Rather than write about it, however, Dhorasoo, who had recorded his thoughts and feelings throughout the tournament on a Super Eight camera, got together with friend and video maker Fred Poulet.
The result is a deeply unconventional sporting film called Substitute, which is released in Britain this week.
"It was an experiment," Dhorasoo, 34, told BBC Sport.
"Three months before the World Cup, Fred gave me a camera and told me to film myself at the tournament, then afterwards we would see what we would do with it.
I think I'm not a good product to sell at the World Cup - it's big business, and I'm not representative of French society
"I don't write a diary, but I treat this as a diary with a camera instead of a pen."
Anyone anticipating MTV Cribs-type insights, though, is in for a shock.
The old-fashioned camera produces grainy images, with sound dubbed on separately, and for copyright reasons there is hardly any match footage.
Professional football can rarely have looked so unglamorous - which is exactly what Dhorasoo wanted.
"For once, it's something about sport that isn't about victory and champions or success and glamour - it's about the loneliness and the possibility to not play, to be rejected."
The selection of Dhorasoo, who is of Indo-Mauritian descent, drew some media criticism, with some of them likening the relationship between player and coach to that of a father and son.
Dhorasoo in action during the World Cup qualifying campaign
But despite this, Dhorasoo was given only two brief run-outs against Switzerland and South Korea, before - without explanation - the door was shut on his World Cup dream.
"During the preparation I understood I would be a substitute, but I thought I'd be used during the tournament. I only played 16 minutes."
What follows is the depiction of football as a frustrating, joyless job, as Dhorasoo grows ever-more disillusioned and alienated.
At one point, he even says he has been fired, rather than dropped, and added: "We won against Brazil - actually, 'they' won against Brazil."
The film's most telling moment comes as France celebrate their semi-final win over Portugal.
Overlooked and uninvolved, Dhorasoo stands at the back of the joyous throng - before walking off, alone and unnoticed.
"I'm not a spectator, I want to play," he stated.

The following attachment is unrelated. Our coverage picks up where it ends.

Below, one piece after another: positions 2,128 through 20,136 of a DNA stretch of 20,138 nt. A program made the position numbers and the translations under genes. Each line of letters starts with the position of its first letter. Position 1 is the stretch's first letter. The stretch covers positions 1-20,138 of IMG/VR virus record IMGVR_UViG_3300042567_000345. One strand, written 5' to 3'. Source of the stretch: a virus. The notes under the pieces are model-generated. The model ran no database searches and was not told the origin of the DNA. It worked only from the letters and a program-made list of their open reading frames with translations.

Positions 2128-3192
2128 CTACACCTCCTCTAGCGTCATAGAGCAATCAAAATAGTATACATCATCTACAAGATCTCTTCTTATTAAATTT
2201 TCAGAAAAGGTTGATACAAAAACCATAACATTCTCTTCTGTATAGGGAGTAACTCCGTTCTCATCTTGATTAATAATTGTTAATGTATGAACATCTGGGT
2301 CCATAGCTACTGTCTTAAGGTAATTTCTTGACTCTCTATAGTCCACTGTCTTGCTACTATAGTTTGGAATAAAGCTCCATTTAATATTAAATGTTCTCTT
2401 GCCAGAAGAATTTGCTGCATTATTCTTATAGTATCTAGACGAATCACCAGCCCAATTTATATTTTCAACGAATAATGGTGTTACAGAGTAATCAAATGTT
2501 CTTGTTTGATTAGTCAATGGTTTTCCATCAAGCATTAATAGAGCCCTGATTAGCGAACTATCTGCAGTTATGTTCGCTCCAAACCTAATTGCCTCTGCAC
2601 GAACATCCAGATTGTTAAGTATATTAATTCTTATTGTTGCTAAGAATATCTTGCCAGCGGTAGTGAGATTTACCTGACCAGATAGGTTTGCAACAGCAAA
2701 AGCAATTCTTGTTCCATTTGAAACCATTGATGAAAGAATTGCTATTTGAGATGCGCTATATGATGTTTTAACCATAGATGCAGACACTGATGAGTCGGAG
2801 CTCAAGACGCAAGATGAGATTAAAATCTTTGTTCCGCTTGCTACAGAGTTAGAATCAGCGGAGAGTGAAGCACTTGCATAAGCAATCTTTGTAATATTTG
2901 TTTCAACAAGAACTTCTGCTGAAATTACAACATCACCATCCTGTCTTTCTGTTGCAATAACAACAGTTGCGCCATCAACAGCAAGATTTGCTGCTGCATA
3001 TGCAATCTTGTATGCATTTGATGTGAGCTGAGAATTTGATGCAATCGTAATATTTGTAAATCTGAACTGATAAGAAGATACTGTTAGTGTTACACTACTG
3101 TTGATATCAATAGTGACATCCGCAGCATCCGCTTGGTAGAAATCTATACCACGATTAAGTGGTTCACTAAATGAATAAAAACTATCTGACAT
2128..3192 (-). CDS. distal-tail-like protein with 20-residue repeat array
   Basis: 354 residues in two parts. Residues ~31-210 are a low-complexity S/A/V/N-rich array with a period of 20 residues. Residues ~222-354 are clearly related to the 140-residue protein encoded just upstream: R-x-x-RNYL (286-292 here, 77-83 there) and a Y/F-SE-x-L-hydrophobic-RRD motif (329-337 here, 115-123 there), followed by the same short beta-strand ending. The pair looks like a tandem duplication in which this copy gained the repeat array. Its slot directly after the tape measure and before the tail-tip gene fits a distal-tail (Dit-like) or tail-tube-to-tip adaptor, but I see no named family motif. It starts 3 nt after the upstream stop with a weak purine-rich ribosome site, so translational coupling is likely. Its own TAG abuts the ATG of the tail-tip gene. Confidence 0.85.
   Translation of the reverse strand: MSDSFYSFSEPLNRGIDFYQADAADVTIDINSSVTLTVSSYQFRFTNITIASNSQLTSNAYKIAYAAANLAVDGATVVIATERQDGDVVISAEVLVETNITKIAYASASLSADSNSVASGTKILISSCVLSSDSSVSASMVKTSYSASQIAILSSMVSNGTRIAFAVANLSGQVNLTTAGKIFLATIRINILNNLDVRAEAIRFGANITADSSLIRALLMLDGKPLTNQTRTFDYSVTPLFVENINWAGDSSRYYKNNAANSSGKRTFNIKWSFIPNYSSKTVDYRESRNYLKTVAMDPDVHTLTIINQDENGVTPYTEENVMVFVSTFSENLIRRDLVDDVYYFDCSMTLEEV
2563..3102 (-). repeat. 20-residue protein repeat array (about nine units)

Close but miles apart - Dhorasoo (left) and Domenech (right)
"It was my job to be there, and I had to be ready if the coach called me.
"But after the final I was happy it finished - I wanted to go home and stop with football and this team."
After the tournament, Dhorasoo retired from international football, having won 18 caps and scored one goal.
"I didn't like football enough to want to continue to play that way. It's only a question of money. I'm happy to have finished.
"I'm not a good product to sell at the World Cup - it's big business and I'm not representative of French society.
"I'm not white, I'm not from north Africa, I'm not black - I'm different. I'm small, I've got long hair - I'm not commercial."
His club career did not last much longer.
In September 2006 he was sacked by Paris St Germain and a short spell with Italian side Livorno ended on equally unhappy terms before he retired altogether.
In Substitute, the supposedly glamorous world of football is exposed in a harsh light - and director Poulet says this honesty is what they are most proud of.
"We wanted to make something creative and sincere," he commented.
"If you want to meet a footballer now, you have to go through an agent, and it's always regulated, but this was based on friendship and confidence.
Film-makers Fred Poulet and Vikash Dhorasoo
"Everyone can recognise their own problems in the film. You can be on the bench in your professional life. We see more of life than of football."
Over the course of the tournament, Dhorasoo's initial optimism gives way to despair.
As the final approaches, he seems to be counting off the days until he is released from his footballing prison.
And Poulet says this sums up how his life has changed post-football: "Vikash didn't know it but this film was the beginning of his new life and his freedom. What I see now is a free man. Vikash tastes freedom every day."
Substitute is released in select cinemas across the UK from 9 May
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